LITTLE MOON DOG

Fairies and exotic landscapes rendered with Rackham-esque depth illustrate this handsomely designed tale of a pet who falls among risky friends. Though the Man in the Moon has nailed his mailbox shut and battened down the hatches in response to the arrival of an annual busload of fairy tourists, his bored little dog slips out to play—and soon finds himself abandoned, very far from home. A rotund, bookish old gent with stars in his flyaway hair and beard, the Man in the Moon soon finds it a bit too quiet, and so sets out to track down his wayward companion. Tiny, appropriately mischievous-looking fairies in country dress flit through scenes washed in pale gold and rich in textured swirls of fine natural detail. The episode is rescued from blandness by the fairies’ hijinks, which range from unwinding “moonbeans” to “swapping around seeds to unsettle the spring.” Young children will pore over the art, cheer at the climactic happy reunion and take Ward’s point that “there is nothing quite so NASTY as a fickle FAIRY and nothing quite so NICE as a faithful FRIEND.” (Picture book. 6-8)

Pub Date: March 1, 2007

ISBN: 0-525-47727-6

Page Count: 32

Publisher: Dutton

Review Posted Online: May 20, 2010

Kirkus Reviews Issue: Feb. 1, 2007

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ROOM ON THE BROOM

Each time the witch loses something in the windy weather, she and her cat are introduced to a new friend who loves flying on her broom. The fluid rhyming and smooth rhythm work together with one repetitive plot element focusing young attention spans until the plot quickens. (“Is there room on the broom for a blank such as me?”) When the witch’s broom breaks, she is thrown in to danger and the plot flies to the finish. Her friends—cat, dog, frog, and bird—are not likely to scare the dragon who plans on eating the witch, but together they form a formidable, gooey, scary-sounding monster. The use of full-page or even page-and-a-half spreads for many of the illustrations will ensure its successful use in story times as well as individual readings. The wart-nosed witch and her passengers make magic that is sure to please. Effective use of brilliant colors set against well-conceived backgrounds detail the story without need for text—but with it, the story—and the broom—take off. (Picture book. 6-8)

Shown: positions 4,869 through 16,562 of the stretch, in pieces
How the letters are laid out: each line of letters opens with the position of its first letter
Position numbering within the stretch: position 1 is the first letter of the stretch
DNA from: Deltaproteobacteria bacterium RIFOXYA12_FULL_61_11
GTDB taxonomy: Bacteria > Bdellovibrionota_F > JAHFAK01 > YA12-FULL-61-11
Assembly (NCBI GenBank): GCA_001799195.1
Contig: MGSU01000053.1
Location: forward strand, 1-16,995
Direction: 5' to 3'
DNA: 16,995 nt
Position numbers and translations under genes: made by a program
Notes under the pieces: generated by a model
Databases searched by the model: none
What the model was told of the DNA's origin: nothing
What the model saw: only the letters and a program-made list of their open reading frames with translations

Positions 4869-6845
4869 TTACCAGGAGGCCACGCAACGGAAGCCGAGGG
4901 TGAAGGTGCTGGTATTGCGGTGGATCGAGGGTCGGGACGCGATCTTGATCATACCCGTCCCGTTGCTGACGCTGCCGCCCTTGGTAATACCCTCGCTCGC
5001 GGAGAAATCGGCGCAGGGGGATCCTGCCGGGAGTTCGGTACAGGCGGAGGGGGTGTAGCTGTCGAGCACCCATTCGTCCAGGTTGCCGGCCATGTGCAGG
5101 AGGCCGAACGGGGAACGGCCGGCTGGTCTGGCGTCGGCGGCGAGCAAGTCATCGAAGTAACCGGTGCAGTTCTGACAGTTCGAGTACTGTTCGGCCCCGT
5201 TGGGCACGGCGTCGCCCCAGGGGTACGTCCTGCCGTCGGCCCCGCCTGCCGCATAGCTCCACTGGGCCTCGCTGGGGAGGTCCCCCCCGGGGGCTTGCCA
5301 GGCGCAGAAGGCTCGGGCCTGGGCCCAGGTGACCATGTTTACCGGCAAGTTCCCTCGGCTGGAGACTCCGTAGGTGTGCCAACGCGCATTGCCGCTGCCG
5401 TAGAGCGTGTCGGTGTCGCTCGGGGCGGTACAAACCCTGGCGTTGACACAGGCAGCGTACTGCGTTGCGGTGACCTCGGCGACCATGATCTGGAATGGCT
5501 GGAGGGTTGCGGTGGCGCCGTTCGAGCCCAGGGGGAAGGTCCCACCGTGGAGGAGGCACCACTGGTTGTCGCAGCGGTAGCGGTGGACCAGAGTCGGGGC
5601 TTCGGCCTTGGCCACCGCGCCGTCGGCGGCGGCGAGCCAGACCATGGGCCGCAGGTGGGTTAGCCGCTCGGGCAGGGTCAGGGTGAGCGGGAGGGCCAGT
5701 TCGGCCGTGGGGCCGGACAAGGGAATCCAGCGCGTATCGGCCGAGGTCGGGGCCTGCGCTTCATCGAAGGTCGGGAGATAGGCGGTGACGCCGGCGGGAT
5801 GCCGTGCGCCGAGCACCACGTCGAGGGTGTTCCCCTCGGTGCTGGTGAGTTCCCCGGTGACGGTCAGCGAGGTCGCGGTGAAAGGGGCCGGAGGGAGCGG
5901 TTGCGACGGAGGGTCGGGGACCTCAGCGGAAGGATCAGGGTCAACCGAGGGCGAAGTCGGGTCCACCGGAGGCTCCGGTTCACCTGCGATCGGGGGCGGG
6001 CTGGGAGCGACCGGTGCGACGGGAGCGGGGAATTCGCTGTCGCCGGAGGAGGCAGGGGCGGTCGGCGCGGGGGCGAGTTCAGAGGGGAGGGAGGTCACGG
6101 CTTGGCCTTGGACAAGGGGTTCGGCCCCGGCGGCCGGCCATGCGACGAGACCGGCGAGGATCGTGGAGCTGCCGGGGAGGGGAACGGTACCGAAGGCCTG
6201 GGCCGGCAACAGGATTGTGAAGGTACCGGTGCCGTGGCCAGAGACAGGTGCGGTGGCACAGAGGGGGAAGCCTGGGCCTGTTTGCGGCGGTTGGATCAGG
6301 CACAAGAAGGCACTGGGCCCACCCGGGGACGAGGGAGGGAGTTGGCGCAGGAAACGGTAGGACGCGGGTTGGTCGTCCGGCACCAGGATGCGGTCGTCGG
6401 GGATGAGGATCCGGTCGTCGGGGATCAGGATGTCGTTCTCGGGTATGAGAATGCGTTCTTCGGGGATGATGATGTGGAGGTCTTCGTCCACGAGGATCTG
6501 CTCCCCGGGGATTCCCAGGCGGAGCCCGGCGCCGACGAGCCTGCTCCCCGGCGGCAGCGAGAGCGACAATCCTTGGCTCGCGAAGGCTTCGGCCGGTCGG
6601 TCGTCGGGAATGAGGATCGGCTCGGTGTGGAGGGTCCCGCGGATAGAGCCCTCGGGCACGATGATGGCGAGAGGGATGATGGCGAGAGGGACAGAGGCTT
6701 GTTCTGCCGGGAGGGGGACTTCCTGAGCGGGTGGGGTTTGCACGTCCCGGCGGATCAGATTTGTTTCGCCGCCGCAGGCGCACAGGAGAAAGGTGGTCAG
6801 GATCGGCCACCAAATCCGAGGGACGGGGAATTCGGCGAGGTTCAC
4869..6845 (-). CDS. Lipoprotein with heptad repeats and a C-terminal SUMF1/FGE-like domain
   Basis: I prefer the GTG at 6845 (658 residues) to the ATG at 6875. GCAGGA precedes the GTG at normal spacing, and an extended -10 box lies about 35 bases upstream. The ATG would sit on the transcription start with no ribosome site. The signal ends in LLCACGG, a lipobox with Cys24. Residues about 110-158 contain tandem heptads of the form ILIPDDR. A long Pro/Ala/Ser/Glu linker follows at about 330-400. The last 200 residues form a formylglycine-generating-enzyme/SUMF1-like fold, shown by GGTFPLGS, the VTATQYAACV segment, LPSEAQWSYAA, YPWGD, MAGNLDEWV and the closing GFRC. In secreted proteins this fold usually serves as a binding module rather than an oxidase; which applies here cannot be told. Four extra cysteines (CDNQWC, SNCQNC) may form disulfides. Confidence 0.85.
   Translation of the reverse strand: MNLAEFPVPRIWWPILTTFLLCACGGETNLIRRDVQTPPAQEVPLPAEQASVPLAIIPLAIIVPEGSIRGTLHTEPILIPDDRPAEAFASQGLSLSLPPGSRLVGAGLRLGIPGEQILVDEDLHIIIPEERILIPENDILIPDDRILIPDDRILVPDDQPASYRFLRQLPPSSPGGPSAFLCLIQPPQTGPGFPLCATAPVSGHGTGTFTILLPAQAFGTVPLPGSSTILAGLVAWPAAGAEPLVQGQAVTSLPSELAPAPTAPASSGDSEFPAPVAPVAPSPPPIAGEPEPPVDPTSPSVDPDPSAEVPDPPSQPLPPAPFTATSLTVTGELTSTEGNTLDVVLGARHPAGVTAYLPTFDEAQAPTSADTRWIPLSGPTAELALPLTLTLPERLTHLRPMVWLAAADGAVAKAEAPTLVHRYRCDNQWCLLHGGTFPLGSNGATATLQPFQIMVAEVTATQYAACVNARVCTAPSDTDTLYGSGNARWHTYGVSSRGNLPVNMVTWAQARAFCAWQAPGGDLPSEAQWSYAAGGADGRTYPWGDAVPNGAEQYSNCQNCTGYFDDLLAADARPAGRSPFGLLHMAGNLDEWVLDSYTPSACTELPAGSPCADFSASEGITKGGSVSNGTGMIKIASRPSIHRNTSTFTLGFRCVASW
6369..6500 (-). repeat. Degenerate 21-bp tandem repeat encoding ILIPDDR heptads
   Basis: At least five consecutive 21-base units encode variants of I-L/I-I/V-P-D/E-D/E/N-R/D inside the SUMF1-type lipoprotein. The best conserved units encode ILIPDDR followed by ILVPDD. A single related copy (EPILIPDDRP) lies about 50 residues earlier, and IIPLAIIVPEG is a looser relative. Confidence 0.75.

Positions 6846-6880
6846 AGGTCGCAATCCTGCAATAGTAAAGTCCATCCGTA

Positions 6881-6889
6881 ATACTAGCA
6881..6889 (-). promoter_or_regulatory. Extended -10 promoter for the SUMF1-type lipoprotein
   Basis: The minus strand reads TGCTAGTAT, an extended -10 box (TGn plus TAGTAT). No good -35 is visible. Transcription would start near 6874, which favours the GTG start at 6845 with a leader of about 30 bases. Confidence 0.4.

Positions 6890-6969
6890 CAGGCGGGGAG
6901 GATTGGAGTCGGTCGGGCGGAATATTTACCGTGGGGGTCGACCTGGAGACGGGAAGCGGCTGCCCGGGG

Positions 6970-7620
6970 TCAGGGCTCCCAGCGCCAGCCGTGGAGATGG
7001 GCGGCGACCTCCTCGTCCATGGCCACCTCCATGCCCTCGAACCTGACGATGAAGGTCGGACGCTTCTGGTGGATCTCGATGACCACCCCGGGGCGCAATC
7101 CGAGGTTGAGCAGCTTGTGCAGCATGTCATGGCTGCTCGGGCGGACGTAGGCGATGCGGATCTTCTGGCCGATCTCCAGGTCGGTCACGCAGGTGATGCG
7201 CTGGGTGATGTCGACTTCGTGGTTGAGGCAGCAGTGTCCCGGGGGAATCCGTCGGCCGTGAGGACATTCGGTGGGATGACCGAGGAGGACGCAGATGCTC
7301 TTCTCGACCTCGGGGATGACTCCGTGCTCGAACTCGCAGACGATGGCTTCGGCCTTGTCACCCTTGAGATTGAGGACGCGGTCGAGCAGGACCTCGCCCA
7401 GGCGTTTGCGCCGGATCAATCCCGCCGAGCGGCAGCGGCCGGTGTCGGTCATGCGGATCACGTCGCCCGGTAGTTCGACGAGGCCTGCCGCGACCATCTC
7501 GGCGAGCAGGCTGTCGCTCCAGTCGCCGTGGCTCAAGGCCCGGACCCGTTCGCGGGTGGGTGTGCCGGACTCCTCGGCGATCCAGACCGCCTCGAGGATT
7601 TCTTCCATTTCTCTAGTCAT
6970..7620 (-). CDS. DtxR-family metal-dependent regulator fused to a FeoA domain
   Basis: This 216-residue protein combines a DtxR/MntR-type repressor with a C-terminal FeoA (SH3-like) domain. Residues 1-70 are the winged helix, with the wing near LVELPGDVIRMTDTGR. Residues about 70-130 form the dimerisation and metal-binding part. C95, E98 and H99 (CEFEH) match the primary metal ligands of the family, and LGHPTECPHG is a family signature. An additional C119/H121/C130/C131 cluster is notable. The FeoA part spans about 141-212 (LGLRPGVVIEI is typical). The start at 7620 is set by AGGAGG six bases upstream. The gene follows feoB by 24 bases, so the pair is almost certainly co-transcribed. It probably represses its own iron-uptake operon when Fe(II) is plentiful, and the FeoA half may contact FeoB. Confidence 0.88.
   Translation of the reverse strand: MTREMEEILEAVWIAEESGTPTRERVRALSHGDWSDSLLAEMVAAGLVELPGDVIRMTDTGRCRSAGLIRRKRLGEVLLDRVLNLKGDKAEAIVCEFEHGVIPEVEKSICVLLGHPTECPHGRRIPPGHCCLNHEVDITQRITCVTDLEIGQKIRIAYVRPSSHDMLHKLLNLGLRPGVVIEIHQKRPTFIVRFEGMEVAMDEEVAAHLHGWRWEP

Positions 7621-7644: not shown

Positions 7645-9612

Pub Date: Sept. 1, 2001

ISBN: 0-8037-2557-0

Page Count: 32

Publisher: Dial Books

Review Posted Online: May 20, 2010

Kirkus Reviews Issue: Aug. 1, 2001

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THE SNAIL AND THE WHALE

Like an ocean-going “Lion and the Mouse,” a humpback whale and a snail “with an itchy foot” help each other out in this cheery travelogue. Responding to a plaintive “Ride wanted around the world,” scrawled in slime on a coastal rock, whale picks up snail, then sails off to visit waters tropical and polar, stormy and serene before inadvertently beaching himself. Off hustles the snail, to spur a nearby community to action with another slimy message: “SAVE THE WHALE.” Donaldson’s rhyme, though not cumulative, sounds like “The house that Jack built”—“This is the tide coming into the bay, / And these are the villagers shouting, ‘HOORAY!’ / As the whale and the snail travel safely away. . . .” Looking in turn hopeful, delighted, anxious, awed, and determined, Scheffler’s snail, though tiny next to her gargantuan companion, steals the show in each picturesque seascape—and upon returning home, provides so enticing an account of her adventures that her fellow mollusks all climb on board the whale’s tail for a repeat voyage. Young readers will clamor to ride along. (Picture book. 6-8)

Pub Date: March 1, 2004

ISBN: 0-8037-2922-7

Page Count: 32

Publisher: Dial Books

Review Posted Online: May 20, 2010

Kirkus Reviews Issue: Feb. 15, 2004

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